Press Center

 Treasury Secretary Robert E. Rubin Remarks to the University of Pennsylvania Commencement Philadelphia, PA


5/17/1999

Chairman Vagelos and the Board of Trustees. President Rodin. Provost Barchi. Deans. Faculty. Honored guests. Graduating students of the Class of 1999 -- their families and friends.

Thank you for this honor.

In approaching this commencement address, I'm mindful of an observation made by this university=s founder, Ben Franklin. He said: AHere comes the orator with his flood of words and his drop of wisdom. I promise not to flood you with words. Whether I leave you with a drop of wisdom is for you to judge.

You graduate today in a world starkly different, in many ways, from the one in which I graduated. It's far more interconnected. Information moves dramatically faster. The decision cycle is vastly shorter. Economies and people around the world are more closely linked than ever before. Decisions made in one capital can be felt across the globe.

Business today is conducted largely without borders. When I first went to Wall Street, more than 32 years ago, finance, for example, was focused on the U.S. markets. We sold U.S. stocks and bonds to our clients and raised money for them in U.S. capital markets. Few overseas markets mattered. Even the biggest U.S. companies had but a limited overseas presence. Now, Fortune 500 firms are headquartered in the U.S. but are truly global in nature.

When I first joined an investment bank, I had to get a partner's signature to make an overseas call. Today traders live on global trading wires, and capital markets are integrated worldwide.

Global markets and technology have brought us together as never before. Pick up a newspaper and you'll find exchange rates for the Thai Baht and Korean Won -- currencies few people worried about when I began my career. Countries that were economically irrelevant to us 25 or 30 years ago, today provide great opportunities for American businesses and consumers. But, as demonstrated during the past two years, these same nations can also give rise to financial instability that can threaten economies around the world, no matter how strong.

Last year, for example, Russia's failed economic policy actions shook global market confidence -- and other countries felt the impact. A Latin American finance minister explained this dilemma to me last year. How, he asked, do I explain to my people why the value of our currency is shrinking and our interest rates are rising, all because the Russian parliament failed to raise taxes last week. This may sound unusual, but its true.

This interdependence isn't just in economics. Today we must deal with immense problems in other areas that begin in one nation but affect many others. Many of these are problems that no single nation can solve: Environmental problems, such as destruction of the rain forest, that can damage the atmosphere of the entire globe, or acid rain. Health problems, such as the startling incidence of HIV in the Sub-Saharan Africa population, that can spread so readily in an era of jet planes. And terrorism, nourished by despair in one country, with its consequences felt around the world.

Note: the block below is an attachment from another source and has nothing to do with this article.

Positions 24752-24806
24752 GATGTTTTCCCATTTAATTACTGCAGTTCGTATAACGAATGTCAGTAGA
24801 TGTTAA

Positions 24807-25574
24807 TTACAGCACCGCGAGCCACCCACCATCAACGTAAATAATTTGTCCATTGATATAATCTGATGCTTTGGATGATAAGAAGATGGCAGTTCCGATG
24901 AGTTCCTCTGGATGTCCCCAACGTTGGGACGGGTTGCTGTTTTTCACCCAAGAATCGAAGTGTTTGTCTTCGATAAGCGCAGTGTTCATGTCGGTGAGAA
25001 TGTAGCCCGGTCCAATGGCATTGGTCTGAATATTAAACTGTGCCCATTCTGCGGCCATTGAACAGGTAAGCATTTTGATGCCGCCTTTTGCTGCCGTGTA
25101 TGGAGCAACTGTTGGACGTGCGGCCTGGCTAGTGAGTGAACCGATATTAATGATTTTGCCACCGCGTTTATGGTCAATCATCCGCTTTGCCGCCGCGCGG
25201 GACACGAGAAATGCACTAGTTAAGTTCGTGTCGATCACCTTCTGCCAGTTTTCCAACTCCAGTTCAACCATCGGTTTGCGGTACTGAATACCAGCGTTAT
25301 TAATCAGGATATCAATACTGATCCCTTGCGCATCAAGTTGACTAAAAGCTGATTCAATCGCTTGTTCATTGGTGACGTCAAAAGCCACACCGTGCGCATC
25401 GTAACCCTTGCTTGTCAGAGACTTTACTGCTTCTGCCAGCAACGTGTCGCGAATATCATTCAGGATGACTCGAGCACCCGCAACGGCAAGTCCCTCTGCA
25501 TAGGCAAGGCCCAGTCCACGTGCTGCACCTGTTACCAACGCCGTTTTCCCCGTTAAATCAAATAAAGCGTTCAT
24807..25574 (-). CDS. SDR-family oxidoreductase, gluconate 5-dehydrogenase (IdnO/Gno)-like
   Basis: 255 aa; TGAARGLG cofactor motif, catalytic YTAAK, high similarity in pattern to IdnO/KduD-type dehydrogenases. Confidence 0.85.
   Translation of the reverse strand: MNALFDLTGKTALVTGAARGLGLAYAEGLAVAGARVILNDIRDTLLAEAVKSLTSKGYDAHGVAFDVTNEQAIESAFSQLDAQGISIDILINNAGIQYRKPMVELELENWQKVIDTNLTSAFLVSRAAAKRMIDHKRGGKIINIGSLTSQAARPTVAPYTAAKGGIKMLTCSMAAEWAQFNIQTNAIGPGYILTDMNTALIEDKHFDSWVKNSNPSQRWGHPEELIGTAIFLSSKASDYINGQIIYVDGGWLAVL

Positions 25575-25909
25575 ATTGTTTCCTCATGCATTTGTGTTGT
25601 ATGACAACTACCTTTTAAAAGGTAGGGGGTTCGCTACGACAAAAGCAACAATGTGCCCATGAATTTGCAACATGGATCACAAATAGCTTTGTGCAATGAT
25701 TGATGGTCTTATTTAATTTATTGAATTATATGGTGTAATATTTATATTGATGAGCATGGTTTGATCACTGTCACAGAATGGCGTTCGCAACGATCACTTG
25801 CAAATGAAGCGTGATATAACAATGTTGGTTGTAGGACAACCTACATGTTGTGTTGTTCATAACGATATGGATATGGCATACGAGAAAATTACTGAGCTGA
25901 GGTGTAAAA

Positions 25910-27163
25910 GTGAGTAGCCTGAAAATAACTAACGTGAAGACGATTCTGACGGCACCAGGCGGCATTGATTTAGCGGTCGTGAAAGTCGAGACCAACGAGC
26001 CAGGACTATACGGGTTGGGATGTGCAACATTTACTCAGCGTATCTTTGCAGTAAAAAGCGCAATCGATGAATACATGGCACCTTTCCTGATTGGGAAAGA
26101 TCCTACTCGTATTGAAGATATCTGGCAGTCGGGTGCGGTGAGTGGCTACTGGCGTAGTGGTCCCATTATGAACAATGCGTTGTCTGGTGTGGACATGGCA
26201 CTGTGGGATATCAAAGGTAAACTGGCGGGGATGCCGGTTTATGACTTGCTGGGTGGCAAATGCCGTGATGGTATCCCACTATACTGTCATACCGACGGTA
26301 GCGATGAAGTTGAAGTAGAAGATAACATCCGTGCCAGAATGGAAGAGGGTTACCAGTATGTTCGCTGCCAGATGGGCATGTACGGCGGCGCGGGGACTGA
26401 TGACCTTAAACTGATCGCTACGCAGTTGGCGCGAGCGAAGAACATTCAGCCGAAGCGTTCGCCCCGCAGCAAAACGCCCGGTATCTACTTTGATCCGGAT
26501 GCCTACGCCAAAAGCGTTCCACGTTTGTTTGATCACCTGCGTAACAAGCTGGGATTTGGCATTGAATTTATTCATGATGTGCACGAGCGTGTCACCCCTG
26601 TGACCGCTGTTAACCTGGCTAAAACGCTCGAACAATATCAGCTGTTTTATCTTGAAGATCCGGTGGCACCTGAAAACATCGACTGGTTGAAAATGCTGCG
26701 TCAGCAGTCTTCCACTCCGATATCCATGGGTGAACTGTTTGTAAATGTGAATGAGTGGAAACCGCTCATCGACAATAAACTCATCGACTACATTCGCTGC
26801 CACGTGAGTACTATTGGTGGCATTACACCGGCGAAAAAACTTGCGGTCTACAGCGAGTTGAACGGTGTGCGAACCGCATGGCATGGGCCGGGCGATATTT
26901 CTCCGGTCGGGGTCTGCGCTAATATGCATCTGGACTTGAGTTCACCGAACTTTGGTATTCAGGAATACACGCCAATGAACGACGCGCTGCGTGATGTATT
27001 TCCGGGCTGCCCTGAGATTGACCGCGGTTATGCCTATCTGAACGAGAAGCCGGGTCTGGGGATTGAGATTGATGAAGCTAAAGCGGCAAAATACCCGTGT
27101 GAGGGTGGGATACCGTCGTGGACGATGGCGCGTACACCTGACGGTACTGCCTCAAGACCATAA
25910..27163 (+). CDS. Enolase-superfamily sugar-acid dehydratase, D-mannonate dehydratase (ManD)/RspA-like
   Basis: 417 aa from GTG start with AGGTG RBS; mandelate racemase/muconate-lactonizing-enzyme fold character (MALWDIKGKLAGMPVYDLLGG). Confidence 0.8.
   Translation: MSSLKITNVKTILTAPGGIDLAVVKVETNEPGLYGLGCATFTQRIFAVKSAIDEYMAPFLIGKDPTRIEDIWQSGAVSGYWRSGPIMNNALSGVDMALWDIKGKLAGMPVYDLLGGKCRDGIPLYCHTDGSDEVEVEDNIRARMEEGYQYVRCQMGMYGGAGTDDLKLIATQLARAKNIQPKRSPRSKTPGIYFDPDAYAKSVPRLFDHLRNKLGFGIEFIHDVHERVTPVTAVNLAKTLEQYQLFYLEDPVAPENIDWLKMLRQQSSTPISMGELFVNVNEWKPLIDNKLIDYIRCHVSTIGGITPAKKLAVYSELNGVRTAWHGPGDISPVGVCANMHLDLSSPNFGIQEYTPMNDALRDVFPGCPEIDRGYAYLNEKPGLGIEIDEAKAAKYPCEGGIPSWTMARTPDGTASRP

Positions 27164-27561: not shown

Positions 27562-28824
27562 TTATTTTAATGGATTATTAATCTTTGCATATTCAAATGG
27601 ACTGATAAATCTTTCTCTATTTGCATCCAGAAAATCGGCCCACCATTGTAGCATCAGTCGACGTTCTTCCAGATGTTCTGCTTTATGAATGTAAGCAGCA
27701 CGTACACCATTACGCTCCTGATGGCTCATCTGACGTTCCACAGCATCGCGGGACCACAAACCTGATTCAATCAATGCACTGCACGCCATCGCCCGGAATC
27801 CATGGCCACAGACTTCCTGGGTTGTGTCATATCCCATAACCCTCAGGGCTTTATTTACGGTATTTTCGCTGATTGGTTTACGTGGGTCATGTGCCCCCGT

Whether we meet these challenges of interdependence, and of the tension that exists between the sovereignty of nations and the need to work together to solve problems that have no borders, will shape the world you live in.

In the face of these realities, there are those who believe we should look inward and withdraw from the world. I believe the whole history of the twentieth century shows that this will not work. We would follow this advice at our peril. The world does not end at our shores -- it begins there.

In the complex world of today, decision making has become ever more difficult, but the fundamentals of decision making have remained the same. And, one lesson I can draw from my life is that effective decision making is the key to almost everything you will do.

When I arrived at college, I had never given much thought to how I made decisions. College began changing that. What first struck me was the skeptical atmosphere. Our professors' words weren't seen as unquestioned truths, but as starting points for criticism and thought. In my sophomore year, I took Philosophy I from a wonderful, elderly professor named Raphael Demos. His whole point was to show that every assertion ultimately rested on a basic principle that could not be proven. It could only be assumed or believed. That conclusion, together with what I learned in law school, fundamentally shaped the way I've made decisions ever since.

As I think back over the years, I have been guided by four principles for decision making. First, the only certainty is that there is no certainty. Second, every decision, as a consequence, is a matter of weighing probabilities. Third, despite uncertainty we must decide and we must act. And lastly, we need to judge decisions not only on the results, but on how they were made.

First, uncertainty.